|Keywords:||Museums; Britain; Colonialism; Trinidad; Tobago; Caribbean; Collections; Antiquarian; Collectors|
|Full text PDF:||http://hdl.handle.net/1887/38183|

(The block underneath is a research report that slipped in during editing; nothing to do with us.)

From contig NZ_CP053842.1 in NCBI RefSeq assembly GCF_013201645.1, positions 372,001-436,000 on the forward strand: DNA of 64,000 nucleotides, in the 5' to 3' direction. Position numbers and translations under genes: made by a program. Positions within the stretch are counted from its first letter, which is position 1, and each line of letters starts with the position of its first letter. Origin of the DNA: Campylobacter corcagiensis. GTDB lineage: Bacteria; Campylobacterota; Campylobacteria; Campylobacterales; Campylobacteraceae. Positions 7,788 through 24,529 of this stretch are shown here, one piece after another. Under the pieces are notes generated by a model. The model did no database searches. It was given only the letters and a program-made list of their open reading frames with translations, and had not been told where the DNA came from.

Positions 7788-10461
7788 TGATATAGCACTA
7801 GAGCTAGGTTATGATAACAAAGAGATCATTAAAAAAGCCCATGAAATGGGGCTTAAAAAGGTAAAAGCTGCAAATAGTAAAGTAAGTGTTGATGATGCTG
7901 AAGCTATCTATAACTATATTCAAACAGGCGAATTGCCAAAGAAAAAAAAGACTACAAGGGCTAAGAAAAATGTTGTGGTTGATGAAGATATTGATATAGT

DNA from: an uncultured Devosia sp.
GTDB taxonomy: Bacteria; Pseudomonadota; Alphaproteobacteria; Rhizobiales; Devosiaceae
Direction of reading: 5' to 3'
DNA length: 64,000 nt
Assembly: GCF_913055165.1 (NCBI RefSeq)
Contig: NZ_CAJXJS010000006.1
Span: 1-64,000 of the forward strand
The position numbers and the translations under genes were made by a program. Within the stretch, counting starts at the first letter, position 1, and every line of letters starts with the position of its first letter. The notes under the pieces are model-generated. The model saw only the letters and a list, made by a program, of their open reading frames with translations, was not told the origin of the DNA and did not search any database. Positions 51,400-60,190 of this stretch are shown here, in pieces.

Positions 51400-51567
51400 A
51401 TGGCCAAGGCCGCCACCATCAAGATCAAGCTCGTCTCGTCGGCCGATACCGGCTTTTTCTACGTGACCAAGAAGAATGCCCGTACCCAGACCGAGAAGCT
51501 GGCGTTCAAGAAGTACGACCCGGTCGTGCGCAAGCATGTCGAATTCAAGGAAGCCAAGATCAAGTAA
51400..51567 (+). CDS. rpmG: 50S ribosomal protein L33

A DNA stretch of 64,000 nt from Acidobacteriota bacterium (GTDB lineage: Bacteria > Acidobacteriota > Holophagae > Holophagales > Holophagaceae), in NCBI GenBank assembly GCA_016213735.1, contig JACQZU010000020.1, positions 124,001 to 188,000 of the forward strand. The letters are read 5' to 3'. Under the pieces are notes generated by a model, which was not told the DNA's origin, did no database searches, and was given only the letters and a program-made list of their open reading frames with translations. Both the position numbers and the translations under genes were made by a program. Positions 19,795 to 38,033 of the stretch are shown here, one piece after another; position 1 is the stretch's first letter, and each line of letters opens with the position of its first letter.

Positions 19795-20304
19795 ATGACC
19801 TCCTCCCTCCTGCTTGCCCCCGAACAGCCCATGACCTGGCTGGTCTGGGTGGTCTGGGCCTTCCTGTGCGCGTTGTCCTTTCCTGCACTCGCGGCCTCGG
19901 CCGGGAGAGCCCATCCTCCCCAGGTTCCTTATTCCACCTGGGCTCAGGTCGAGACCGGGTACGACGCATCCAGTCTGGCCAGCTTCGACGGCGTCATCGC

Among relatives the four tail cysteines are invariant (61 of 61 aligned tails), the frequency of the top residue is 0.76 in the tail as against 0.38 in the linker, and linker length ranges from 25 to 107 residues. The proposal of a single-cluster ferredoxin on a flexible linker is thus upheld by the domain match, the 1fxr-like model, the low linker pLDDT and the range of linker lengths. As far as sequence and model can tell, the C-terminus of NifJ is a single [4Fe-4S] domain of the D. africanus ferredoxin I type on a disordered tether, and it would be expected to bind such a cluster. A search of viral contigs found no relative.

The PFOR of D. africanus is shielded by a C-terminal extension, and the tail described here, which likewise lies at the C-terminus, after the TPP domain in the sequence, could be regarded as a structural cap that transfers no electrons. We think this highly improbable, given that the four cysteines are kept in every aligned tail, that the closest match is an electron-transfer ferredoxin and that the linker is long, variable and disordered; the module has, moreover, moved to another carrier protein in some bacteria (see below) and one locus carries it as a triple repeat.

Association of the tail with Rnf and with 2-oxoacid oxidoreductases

This thesis focuses on the topic that certain museums in Britain harbor collections of Trinidadian artifacts which exist in a significant quantity. These could further substantial research yet many are hidden from the public eye or research access. I present a summary of these artifacts within an accessible database and show, to the most accurate degree possible, the significance of their acquisition in a colonial palimpsest. I argue that, in retrospect, although some acquisitions were as a result of negative colonial activities in the Caribbean, the majority were acquired through the efforts of certain individuals to preserve Trinidad’s archaeological heritage. Through this information and through further contextual research I attempt to create a discourse between the object information and contextual background and prove these artifacts need further attention and can have a noteworthy contribution to the cultural heritage of Trinidadians and indigenous communities today. Advisors/Committee Members: Françozo, Mariana (advisor).